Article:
Tag Archives: Archivists–Professional ethics

Nixon in a hard hat

Nixon in a hard hat, NARA ID 16916291

This is a long divagation from @meau’s request for comments on the proposed new DACS guiding principles or more specifically, only to part one:

Archival description expresses professional ethics and values.

Professional ethics and values drive archival work, including descriptive practice. Archival description is an iterative, ethical practice that requires  continual engagement with core values. Rooting standards in values helps archivists enact these values consistently and makes them explicit to our user communities.

Ethical description:
produces trust in and between users, archivists, and repositories
encourages a diverse archival record
promotes responsible and responsive descriptive practices
holds archivists accountable to users and to each other
privileges equitable access and accessibility

So I recently moved house and now walk by my kid’s preschool every day. The school has four windows in front, and the teachers have put up four posters TEACH / LOVE / TEACH / RESPECT. My first question for the new principles was, Can virtue be taught? Because the principles clearly attempt what Socrates considered impossible — you will not educate the narcissism out of Donald Trump — kind of by the back door. That is, even if we can’t pour virtue in to systems that are innately unvirtuous, we can develop standards of behavior so vanilla and taken-for-granted that subsequent generations behave virtuously without meaning to. Establishing ethical description as a norm — placing it first in the list — is to elevate description to the level of pure ideology.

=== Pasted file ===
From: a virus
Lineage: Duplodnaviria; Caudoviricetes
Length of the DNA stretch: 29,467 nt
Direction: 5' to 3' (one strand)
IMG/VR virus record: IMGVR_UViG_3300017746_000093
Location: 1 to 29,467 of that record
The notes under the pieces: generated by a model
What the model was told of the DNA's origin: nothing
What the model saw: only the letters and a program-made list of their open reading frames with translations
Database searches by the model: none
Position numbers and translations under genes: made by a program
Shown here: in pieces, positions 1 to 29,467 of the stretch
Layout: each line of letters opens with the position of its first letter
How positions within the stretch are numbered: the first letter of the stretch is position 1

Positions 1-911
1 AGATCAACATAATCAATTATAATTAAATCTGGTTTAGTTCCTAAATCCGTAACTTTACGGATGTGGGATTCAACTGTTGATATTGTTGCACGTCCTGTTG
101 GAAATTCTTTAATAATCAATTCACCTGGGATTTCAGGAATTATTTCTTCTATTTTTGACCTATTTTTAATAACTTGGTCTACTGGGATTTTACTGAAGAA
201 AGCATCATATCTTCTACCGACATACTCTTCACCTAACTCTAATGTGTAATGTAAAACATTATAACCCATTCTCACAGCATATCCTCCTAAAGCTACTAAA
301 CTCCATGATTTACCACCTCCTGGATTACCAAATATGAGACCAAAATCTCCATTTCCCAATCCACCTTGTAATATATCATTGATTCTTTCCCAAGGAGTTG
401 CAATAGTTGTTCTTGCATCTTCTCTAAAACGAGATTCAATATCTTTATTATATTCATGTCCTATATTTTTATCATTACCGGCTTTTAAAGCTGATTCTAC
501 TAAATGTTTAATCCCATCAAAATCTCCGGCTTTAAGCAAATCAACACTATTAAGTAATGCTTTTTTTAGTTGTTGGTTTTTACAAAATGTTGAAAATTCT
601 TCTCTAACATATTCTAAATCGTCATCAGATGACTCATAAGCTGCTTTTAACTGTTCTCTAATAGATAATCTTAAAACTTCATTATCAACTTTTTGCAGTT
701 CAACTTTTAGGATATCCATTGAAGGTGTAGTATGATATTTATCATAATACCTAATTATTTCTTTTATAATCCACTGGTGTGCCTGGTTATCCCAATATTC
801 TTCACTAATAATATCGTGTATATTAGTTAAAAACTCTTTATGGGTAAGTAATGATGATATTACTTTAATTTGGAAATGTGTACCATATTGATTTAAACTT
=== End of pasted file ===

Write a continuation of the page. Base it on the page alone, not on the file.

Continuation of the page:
Do your Žižek voice if you need to. Okay.

It’s worth noting that TS-DACS has to model this for us because no other American archivists’ entity can or will. We don’t write ethics case studies inside SAA anymore because there’s no capacity among us to take risks for the historic record (in contrast to the learned people of Timbuktu who hid their texts from AQIM  or the Hoover institution’s preservation of Ba’ath Party records, yeah that’s right, don’t @ me )

I suspect TS-DACS is aware of its situation of influence. In the current ethics-power vacuum, of course, all any group need do is grasp power outright, but the power of technical language in our discipline is particularly overwhelming. The mass of professional archivists is exhausted by listening to the exhortations of woke LIS professor after woke LIS professor, but let one technical subcommittee issue rules or one expert lecture on codecs or something and we’re all just brought to orgasm. TS-DACS is leveraging our worship of rules and more significantly our worship of rulesmaking in order to get us to do good. It’s of course mind-bending that we have to resort to this kind of totem-and-taboo to get traction on decolonizing our description, but selah.

The principles therefore subject to bounding an ethical zone of exclusion — the heroic, extralegal, fireable offenses that got us Warren Harding’s love letters, for example, are instances of archivists claiming sovereign power. Under the principles, all description, if ethical, is heroism; and since heroism now comes as standard equipment, the notion dissolves of its own, it withers away…

And so the daring move “Ethical description produces trust,” read appropriately, is an extension of this act of including-exclusion. It’s absurd to think that a technical standard for writing finding aids could inculcate something like love among “users, archivists, and repositories,” but that’s precisely what the principles aim for: a common front of mutual aid and mutual reliability. People become subject to one another.